Creepy, kooky, selectively spooky, Gray Matter confronts the player with the most terrifying thing a gamer can imagine: an adventure game interface. In a game of action, racing, fighting, or sports, you can swiftly build up a bank of muscle memory that lets you play by instinct. But an adventure game, by its very nature, is designed to confound. Each screen presents new unique objects to interact with, new dialogue trees to muddle through, and a hundred new ways for the tiniest bug to bring it all crashing down.
The good news is that Jane Jensen has learned a lot since the days when her Gabriel Knight games had nerdy goths tearing their hair out. The puzzles in Gray Matter are often difficult, but never wilfully obtuse, and the game includes a battery of features to keep any potential trauma to a minimum.
The bad news is that there are many glitches and niggling little flaws. They don't break the game, but they often break the illusion – which is a tad ironic, considering how much of the game revolves around magic tricks.
Play alternates between two righteous, yet misunderstood characters: wandering street performer Samantha Everett, and reclusive brain scientist Dr. David Styles. Sam seeks to join an elite secret society of magicians known as the Daedalus club, and Dave hopes that his cutting-edge neuro-research will somehow allow him to communicate with his dead wife. An improbable, possibly supernatural sequence of events has brought the two together, and over the course of 10 to 15 hours of play time they come to learn that their universe holds more secrets than meets the eye...
The interface is functional, if a tad glitchy. There's no need to roll the pointer all over the screen on the off chance you'll hit the one pixel of a given object you're allowed to interact with; a tap of the space bar summons descriptive headings to hover in front of all the persons and objects that are worth clicking on. The map-screen highlights each area you can visit with a colour-coded nimbus, indicating which areas you still need to do things in to complete the next chapter of your quest. Backtracking in old-school adventures was an absolute nightmare; Gray Matter keeps this frustrating practice to a minimum.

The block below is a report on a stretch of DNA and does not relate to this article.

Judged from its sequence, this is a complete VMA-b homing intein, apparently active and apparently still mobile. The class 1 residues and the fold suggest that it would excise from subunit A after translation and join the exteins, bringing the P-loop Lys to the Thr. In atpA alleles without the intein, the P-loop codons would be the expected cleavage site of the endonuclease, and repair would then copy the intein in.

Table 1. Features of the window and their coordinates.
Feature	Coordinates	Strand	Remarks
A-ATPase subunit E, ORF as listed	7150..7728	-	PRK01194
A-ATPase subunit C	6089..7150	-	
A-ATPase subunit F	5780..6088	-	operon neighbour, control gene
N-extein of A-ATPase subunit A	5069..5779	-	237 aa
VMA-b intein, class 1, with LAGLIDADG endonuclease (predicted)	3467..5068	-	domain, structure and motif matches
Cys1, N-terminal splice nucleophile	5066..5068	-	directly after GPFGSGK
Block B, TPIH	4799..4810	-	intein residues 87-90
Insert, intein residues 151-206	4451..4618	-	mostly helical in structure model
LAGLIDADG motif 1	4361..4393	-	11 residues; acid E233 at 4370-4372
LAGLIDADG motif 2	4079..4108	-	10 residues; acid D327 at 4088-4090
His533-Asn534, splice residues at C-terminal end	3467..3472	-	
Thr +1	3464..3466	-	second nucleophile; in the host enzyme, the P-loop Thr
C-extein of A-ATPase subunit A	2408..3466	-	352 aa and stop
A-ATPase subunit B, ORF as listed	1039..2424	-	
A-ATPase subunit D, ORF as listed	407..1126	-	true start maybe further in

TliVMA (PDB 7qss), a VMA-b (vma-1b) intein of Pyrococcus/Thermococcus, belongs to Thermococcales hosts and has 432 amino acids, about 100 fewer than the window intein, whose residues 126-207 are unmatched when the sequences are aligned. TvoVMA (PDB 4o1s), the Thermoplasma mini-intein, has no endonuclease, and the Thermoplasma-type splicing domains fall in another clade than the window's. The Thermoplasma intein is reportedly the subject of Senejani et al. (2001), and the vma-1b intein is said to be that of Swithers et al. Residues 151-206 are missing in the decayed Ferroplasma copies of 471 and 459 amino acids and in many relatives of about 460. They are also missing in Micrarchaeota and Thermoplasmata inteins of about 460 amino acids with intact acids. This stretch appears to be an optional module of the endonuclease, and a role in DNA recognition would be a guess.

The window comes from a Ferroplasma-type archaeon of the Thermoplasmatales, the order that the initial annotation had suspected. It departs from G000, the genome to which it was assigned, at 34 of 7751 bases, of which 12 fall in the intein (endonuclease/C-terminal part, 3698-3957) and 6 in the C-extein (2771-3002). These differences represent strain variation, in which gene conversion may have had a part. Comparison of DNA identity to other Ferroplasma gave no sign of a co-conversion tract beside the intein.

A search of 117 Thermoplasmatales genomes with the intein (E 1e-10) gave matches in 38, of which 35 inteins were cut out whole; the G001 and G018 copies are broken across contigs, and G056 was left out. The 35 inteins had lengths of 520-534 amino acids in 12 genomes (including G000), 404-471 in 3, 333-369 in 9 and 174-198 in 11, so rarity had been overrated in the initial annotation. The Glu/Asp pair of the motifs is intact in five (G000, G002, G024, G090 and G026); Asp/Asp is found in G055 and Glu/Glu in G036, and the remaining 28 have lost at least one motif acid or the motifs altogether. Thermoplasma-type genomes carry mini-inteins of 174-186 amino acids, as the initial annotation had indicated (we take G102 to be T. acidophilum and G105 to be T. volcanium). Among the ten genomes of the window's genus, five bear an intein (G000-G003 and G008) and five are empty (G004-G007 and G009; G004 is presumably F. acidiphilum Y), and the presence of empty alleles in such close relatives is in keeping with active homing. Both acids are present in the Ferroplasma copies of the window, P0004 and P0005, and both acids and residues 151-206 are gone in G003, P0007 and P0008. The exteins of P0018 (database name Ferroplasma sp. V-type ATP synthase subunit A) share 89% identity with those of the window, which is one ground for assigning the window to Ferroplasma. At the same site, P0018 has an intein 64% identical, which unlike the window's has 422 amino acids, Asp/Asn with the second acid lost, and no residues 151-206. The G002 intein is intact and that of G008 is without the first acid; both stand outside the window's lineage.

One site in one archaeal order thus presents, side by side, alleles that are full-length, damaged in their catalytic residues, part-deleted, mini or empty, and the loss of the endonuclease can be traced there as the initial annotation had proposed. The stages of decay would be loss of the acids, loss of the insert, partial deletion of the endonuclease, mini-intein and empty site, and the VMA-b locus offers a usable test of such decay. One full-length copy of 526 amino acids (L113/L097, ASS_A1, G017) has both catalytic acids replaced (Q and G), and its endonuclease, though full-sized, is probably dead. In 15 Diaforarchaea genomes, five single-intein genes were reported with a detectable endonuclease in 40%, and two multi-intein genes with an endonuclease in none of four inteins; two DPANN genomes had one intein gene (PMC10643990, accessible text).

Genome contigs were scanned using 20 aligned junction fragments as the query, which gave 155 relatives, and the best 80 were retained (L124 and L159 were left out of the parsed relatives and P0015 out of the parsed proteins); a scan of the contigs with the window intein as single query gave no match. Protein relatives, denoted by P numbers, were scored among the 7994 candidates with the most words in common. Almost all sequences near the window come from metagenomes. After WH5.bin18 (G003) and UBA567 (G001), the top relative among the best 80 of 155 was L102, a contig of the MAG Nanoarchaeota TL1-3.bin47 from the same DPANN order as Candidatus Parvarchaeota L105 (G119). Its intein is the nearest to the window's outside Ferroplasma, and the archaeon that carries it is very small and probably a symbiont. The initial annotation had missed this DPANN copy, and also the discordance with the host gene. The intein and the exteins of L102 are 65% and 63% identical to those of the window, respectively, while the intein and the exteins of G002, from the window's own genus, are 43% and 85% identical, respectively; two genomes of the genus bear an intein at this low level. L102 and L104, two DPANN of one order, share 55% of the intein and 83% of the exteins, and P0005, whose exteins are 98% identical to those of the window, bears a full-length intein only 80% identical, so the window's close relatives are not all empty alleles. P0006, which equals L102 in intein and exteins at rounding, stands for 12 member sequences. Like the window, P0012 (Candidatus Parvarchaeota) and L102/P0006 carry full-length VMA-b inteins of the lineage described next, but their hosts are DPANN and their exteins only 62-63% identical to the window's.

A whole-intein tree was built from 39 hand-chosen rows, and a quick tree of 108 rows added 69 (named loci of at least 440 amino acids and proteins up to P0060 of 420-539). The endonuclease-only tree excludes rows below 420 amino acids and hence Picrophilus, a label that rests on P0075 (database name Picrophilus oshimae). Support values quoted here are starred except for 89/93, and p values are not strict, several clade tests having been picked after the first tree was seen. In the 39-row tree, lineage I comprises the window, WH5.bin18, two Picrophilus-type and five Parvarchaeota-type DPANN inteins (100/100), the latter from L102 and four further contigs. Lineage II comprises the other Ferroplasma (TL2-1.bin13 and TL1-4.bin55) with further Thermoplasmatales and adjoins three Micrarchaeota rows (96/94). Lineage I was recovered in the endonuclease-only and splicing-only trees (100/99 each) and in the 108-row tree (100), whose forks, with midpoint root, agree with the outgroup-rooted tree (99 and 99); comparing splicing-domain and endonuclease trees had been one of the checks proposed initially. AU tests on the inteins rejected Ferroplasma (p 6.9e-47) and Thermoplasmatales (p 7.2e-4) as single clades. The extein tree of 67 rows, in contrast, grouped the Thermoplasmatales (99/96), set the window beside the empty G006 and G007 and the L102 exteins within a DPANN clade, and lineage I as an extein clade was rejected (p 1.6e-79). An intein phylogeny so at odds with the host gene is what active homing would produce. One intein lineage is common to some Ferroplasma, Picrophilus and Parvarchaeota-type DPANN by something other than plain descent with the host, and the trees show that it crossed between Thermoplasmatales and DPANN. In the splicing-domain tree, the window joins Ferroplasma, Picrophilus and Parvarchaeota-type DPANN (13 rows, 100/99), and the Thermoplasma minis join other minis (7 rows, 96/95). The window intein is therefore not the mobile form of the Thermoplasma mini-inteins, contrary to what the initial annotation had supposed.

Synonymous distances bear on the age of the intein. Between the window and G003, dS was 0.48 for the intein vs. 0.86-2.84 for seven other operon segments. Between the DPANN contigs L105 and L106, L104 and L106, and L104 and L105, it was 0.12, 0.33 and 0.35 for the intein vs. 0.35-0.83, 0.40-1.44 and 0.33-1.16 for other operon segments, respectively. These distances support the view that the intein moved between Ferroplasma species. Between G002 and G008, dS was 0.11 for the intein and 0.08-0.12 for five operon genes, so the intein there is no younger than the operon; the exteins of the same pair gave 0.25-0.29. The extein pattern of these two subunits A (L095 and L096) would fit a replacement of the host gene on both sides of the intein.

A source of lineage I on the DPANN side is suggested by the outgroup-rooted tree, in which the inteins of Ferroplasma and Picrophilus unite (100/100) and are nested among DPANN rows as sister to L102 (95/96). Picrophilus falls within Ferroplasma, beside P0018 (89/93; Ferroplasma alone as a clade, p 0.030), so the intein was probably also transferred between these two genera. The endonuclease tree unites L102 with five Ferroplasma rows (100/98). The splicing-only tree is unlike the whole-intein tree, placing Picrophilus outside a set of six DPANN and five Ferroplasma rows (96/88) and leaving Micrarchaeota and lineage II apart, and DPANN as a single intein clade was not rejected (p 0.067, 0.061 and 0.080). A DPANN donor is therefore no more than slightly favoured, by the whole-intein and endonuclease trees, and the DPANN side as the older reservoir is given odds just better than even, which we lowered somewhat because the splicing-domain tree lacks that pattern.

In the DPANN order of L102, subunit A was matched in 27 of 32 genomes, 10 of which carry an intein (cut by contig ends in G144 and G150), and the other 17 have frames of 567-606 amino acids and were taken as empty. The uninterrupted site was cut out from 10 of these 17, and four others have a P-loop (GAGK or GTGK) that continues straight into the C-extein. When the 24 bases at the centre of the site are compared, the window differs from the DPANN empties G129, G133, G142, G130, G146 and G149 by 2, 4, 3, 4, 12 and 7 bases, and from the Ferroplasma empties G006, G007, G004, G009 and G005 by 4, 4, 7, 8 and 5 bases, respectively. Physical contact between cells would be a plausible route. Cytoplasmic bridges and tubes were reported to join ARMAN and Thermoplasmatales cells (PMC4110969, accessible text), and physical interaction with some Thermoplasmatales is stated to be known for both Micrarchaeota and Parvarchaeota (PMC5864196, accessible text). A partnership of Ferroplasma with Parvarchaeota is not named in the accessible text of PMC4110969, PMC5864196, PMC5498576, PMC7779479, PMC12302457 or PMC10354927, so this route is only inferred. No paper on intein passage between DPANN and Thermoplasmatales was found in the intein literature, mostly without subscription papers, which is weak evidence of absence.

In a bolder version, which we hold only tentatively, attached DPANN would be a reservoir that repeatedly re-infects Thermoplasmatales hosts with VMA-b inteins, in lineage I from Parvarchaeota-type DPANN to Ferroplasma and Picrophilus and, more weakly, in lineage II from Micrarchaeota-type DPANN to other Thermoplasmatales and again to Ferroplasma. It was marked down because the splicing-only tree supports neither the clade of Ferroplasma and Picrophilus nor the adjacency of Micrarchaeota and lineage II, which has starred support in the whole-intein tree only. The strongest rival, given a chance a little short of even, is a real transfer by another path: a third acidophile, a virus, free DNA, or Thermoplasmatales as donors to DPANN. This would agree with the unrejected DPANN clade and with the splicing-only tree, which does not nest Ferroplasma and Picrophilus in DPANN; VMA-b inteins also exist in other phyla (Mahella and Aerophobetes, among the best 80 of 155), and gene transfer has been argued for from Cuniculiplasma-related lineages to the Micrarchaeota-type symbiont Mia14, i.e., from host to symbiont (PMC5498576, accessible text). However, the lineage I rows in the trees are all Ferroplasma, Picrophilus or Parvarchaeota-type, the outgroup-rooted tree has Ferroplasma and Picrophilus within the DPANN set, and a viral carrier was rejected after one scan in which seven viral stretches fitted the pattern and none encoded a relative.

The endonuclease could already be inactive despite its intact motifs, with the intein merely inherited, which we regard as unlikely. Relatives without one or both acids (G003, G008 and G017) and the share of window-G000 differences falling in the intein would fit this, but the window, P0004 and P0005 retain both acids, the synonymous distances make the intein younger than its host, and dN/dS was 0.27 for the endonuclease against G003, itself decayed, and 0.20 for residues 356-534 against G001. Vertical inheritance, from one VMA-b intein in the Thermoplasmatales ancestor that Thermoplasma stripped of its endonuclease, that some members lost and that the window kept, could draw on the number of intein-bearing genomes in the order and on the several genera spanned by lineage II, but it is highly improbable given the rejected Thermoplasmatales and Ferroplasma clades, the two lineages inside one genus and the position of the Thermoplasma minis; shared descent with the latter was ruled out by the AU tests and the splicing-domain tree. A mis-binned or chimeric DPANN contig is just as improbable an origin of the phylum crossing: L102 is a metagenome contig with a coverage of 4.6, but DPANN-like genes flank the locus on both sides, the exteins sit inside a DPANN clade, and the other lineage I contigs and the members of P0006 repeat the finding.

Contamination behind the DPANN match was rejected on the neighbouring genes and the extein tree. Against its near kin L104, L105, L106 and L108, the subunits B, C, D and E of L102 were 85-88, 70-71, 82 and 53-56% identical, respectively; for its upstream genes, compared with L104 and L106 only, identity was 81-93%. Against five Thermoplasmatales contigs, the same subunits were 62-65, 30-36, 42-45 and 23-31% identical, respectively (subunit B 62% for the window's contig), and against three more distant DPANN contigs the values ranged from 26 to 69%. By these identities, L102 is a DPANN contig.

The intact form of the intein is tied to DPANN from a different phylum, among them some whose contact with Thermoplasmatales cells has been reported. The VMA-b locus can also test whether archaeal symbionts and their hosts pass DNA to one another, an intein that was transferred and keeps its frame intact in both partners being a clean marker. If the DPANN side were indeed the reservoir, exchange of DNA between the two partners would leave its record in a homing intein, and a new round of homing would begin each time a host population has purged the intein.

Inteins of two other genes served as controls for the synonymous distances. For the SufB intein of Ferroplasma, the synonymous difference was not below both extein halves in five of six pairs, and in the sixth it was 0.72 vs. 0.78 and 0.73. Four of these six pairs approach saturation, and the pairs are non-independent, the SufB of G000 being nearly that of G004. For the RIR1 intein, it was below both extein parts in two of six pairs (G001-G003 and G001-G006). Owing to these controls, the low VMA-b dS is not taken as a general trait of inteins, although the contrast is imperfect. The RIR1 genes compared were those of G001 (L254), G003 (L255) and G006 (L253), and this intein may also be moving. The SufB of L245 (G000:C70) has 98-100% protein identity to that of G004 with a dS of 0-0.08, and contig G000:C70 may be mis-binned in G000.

Another novel feature is Sam's magic system; her mastery of sleight-of-hand illusion techniques allows her to deceive and persuade gullible NPCs. After talking to someone for long enough to learn their weaknesses, you then simply browse through her magic manual, click on pages until you find the one trick that will work, and then queue up a chain of actions (misdirecting the mark, hiding items up your sleeves, etc). It's mostly trial and error; you only know for certain you got the trick right when the next block of dialogue is triggered. The upshot is that these segments put you in the mindset of a magician; a lesser game would resolve such challenges via quick-time events.
There is spoken dialogue to accompany all the text, and the voice acting of the main characters is of the highest standard. The cut-scenes are unusual; instead of flashy pre-rendered CGI, they're assembled from slow-moving, hand-painted images, and look more like high-quality animatics than actual animation. The effect is actually quite striking, even if the quality of the art often feels a little off. The background music is understated and effective, and the occasional song from goth/folk outfit The Scarlet Furies is a nice touch.
The game as a whole is not entirely unlike Nier, in that that it delivers a great story via a flawed implementation. And like Nier, it is destined to be divisive. Some will be put off by the goofy character animations and obtuse puzzle logic, while others will find themselves drawn to the characters, and will press on out of a burning desire to find out what happens next. Jane Jensen fans will definitely want to check it out.